Saturday, July 29, 2006


SEGARINI Gotta Have Pop/…On The Radio/Goodbye L.A. (Bullseye)
Classic powerpop seldom gets better than this! Bob Segarini released three definitive albums of the late 70s pub rock/new wave era for Toronto label Bomb Records and now all three have been remastered and re-released by Bullseye. Gotta Have Pop is Segarini’s masterpiece as he lets his love for the Beatles flow through every song. Especially the original closer Love Story which addressed the Beatles reunion gossip that went on at the time (remember…?) … On The Radio is a live recording of an early show of the Segarini band which I can either take or leave. Goodbye L.A. contains many of the features that made Gotta Have Pop endearing but is probably more muscular than its predecessor. Powerpop fans who want to bone up on their history will find these re-releases essential.

SEMION Help Me I Work In An Office (Self-released)
This UK quartet’s first full-length album comes on the heels of the excellent EP – Get A Grip – wherein the band showcased an affinity for the likes of Teenage Fanclub. Whilst the Rickenbacker jangle is still very much in evidence, Semion has widened its palate somewhat with a heavier agenda (embracing influences like the Buzzcocks, the Kinks & Neil Young) with songs like Transmission, Liverpool Sunset, Never Changes, Black Cloud – it’s all sublime powerpop.

MIKE ELGERT Days Gone By (Self-released)
I’d say that Mike Elgert deals in old school 70s pop-rock and wonder seriously if that is a put down. It isn’t. With a strong slant towards the powerpop muse of Dwight Twilley, Cheap Trick but also display a love for the country-rock-blues affectations of the Black Crowes, which makes for a good mix. Elgert basically plays every sound you will hear on Days Gone By. A talented musician that the pop underground can proudly can call its own.

CHRIS MURPHY Elbow Room (Popboomerang)
Probably not what fans would expect from a Popboomerang record. More AOR than powerpop and that is not necessarily a bad thing. What I hear from Murphy’s mature country-folk-inflected rock is a clear empathy for the works of Don Henley, Tom Petty, Jackson Browne & Gerry Rafferty. Honest & sincere, Murphy sings from the heart without bothering whether it’s hip or not. Good for him.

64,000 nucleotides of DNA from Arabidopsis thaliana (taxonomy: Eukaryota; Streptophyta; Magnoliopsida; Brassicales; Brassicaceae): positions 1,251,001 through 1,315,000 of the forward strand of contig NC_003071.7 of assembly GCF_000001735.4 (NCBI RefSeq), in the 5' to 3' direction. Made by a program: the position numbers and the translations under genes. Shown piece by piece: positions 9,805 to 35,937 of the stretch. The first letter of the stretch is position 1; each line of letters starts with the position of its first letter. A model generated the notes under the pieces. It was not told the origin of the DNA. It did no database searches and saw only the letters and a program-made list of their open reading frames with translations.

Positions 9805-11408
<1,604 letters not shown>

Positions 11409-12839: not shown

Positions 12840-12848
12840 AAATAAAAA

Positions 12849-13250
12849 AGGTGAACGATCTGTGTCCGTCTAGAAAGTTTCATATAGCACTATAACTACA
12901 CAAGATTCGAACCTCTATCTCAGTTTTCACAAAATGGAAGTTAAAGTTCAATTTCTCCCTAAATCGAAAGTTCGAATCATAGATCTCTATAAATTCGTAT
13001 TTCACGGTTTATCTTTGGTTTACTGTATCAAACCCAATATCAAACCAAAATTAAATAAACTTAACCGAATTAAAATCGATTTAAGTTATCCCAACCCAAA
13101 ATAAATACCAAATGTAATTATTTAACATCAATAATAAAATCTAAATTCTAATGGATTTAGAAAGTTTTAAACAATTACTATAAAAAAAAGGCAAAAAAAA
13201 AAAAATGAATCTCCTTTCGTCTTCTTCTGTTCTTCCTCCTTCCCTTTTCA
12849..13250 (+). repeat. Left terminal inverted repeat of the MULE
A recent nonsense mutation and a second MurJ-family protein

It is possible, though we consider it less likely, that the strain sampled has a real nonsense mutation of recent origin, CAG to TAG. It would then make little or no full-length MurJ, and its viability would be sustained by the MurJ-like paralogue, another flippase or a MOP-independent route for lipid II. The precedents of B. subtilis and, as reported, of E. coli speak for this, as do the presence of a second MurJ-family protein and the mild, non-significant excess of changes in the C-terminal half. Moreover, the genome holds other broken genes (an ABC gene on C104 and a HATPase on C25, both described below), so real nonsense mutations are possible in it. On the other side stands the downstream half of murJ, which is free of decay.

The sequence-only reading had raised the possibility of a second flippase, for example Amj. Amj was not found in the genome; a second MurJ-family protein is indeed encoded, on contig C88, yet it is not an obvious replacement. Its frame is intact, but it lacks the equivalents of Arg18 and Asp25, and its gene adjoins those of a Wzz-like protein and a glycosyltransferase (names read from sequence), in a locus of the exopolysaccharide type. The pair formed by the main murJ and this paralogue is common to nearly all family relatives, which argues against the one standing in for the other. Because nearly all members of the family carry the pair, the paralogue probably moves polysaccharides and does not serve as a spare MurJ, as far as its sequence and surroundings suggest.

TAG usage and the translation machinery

RICKY High Speed Silence (Beat Crazy)
I got hold of this promo disc in 2005 and have been waiting for the opportunity to talk it up. Unfortunately, according to the band’s website, Ricky are no more! Pity because this is a great album with memorable songs like “Easy On You,” “Running” and “That Extra Mile” and so on. Catchy and dynamic, it is a bit of a travesty that you, the pop consumer, will never own this. *Sigh* Check out the myspace link below to see what I mean.

P. HUX Mile High Fan (Not Lame)
Here’s some music that should have seen the light of day in the early 90s and along with Jellyfish’s Spilt Milk, Greenberry Woods’ Big Money Item & the Grays’ eponymous album, would have been hailed as definitive of its form i.e. sophisticated powerpop. Recorded with Rusty Anderson, Jen Condos & Rob Ladd during Parthenon Huxley’s tenure as a MCA staff writer, the songs here have been rescued from oblivion by Not Lame and given the attention they deserve. Sharing with Paul McCartney & Andy Partridge, an uncanny gift to pull out unforgettable melodies seemingly from thin air, Huxley should be given his dues and fans of Roger Joseph Manning, Jason Falkner, Jon Brion and Brendan Benson must have this compilation in their possession.


Anonymous said...

I read your review of the Semion album and decided to buy it. Thanks, it is a really good record.


Power of Pop said...

Cool, Tony!
Thanks what it's all about - getting the word out. See u!